November 30, 2006
The art of keeping a travel journal
(Page 2 - Previous Page)RP: These days, traditional hand-written journals seem to be going the way of blogs. With today's convenient technology, why use a pen and a notebook?
LS: Technology has transformed the way we document travel -- it's now possible to share an adventure in Bangkok with a friend in Baton Rouge at the precise moment it's occurring. However you look at this it's astounding. For travelers who wish to communicate their experiences and knowledge, there's no better way than with a blog and a camera.
Still, neither can substitute for a tattered old journal. A blog serves a wider purpose. It's essentially published, which means that [in most cases, anyway] it's been proofread and censored for public consumption. Thus, in terms of the actual writing, a private diary entry can be authentic and vulnerable on a level that something broadcast on the Internet can almost never be.
The other important distinction between a journal and a blog is the keepsake factor -- journals get hidden away in drawers; years or generations later they're dusted off and enjoyed for the tactile sensation only an old, beloved book can deliver. Consider this: which will descendants and museums show more interest in, your scribbled, rambling pages with the misspellings, doodles, and coffee-cup rings or your perfectly written blog? Think Indiana Jones unearthing his father's roughed-up diary that held the clues to the location of the Grail. That scene would have been different if it were Dad's blog.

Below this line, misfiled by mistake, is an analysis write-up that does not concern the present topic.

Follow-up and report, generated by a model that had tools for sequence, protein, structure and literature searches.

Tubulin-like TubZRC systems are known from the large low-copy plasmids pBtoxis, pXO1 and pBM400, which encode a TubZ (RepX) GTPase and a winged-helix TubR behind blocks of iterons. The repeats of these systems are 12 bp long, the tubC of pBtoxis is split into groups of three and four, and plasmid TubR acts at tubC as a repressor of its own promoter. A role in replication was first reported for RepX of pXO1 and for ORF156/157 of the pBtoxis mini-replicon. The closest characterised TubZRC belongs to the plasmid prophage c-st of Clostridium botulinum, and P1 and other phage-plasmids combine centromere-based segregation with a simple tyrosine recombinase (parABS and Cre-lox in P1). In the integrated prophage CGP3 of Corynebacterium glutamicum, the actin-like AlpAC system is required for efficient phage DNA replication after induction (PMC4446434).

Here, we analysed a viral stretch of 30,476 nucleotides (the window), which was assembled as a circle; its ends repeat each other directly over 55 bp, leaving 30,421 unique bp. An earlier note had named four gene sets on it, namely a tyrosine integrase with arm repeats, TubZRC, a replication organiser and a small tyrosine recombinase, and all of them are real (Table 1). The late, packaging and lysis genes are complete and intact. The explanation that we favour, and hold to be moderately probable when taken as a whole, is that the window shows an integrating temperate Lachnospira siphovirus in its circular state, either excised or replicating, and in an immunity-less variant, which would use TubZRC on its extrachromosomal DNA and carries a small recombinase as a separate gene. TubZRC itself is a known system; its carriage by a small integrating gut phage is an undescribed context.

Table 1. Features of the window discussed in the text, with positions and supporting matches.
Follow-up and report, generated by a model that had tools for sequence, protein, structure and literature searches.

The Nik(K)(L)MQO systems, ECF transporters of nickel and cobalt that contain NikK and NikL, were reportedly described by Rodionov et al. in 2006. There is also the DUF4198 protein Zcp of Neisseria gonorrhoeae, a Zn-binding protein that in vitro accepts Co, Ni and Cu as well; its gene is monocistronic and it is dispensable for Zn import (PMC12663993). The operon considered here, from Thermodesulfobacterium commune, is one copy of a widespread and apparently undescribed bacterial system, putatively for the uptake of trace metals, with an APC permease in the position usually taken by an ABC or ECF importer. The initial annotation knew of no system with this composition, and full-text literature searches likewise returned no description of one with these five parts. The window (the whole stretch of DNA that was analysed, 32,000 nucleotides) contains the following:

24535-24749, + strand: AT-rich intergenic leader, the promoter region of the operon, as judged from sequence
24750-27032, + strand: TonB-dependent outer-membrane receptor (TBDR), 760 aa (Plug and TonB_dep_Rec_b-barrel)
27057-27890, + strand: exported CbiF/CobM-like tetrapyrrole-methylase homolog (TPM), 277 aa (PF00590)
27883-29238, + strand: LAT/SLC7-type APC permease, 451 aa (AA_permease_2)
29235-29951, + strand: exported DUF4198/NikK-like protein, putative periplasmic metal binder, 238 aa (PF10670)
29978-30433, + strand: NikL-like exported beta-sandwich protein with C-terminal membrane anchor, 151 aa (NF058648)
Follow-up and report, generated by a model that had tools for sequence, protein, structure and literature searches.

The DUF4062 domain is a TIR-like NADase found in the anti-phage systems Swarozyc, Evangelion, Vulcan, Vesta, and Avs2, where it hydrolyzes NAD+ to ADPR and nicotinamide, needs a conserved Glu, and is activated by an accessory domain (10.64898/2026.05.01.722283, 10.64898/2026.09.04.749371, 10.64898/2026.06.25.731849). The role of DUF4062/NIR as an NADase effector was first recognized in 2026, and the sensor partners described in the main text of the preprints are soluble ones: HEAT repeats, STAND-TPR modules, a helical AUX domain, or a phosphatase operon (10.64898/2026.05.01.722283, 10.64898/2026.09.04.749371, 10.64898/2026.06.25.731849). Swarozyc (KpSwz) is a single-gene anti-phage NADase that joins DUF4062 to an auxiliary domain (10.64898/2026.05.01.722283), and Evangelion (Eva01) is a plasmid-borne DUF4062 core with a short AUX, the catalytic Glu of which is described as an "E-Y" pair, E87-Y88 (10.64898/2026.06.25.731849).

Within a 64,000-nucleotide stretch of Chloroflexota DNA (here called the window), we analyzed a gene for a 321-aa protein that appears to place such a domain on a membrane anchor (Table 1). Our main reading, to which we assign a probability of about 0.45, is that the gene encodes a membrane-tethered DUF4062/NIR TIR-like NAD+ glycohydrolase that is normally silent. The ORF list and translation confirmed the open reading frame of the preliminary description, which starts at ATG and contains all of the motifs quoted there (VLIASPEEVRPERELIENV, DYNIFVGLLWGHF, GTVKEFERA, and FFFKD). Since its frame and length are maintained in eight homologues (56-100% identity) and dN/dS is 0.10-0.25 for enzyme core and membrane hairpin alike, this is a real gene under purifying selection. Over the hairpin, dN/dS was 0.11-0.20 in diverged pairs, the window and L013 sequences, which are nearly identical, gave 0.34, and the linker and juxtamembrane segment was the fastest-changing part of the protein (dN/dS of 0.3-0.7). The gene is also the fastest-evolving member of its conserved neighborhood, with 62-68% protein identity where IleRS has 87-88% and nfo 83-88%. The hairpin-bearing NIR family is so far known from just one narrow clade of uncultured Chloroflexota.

That said, I don't think journals and blogs are mutually exclusive. In a way, it's the perfect combination: keep a journal for private memories and discoveries, take copious photos so you'll never forget the beautiful and bizarre, and use your blog as a tool to entertain and inform.
RP: For anyone who's tried to keep a travel journal, the most difficult element is often the discipline to keep writing in it every day. How do you maintain your enthusiasm so as not to abandon your journal midway through the trip?
LS: This is probably the hardest part. The textbook advice would be stick to a schedule -- write at the same time every morning over coffee or at night before going to sleep. This works for a lot of people. It's never worked for me; I'm undisciplined, and my trips are too unstructured. My life, too.
I've found a better approach is to treat the relationship I have with my journal as I would an intimate relationship. In the beginning, I nurture and romance it, and then when it becomes stale, I shake things up and get a little wild. If you've been writing only lengthy, descriptive entries and are starting to bore yourself, try for one day writing nothing but haikus [three lines: five-seven-five syllables, in case you've forgotten]. Or country songs and limericks.
I also rely heavily on lists. A running top 10 of unbelievable meals, weird sights, funny quotes and badly translated English signs will keep you returning to your notebook even when you're not in the mood to write. If your journal leans toward the artistic, the same goes: take a break from sketching scenes for a while to draw lighthearted cartoons, or make a lovely collage of stamps, sugar packets, money, paper chopstick sleeves and your police report. The important thing is to keep it exciting so you don't risk blowing your chance for a beautiful relationship.
Rolf Potts is the author of "Vagabonding: An Uncommon Guide to the Art of Long-Term World Travel" (Villard, 2002).
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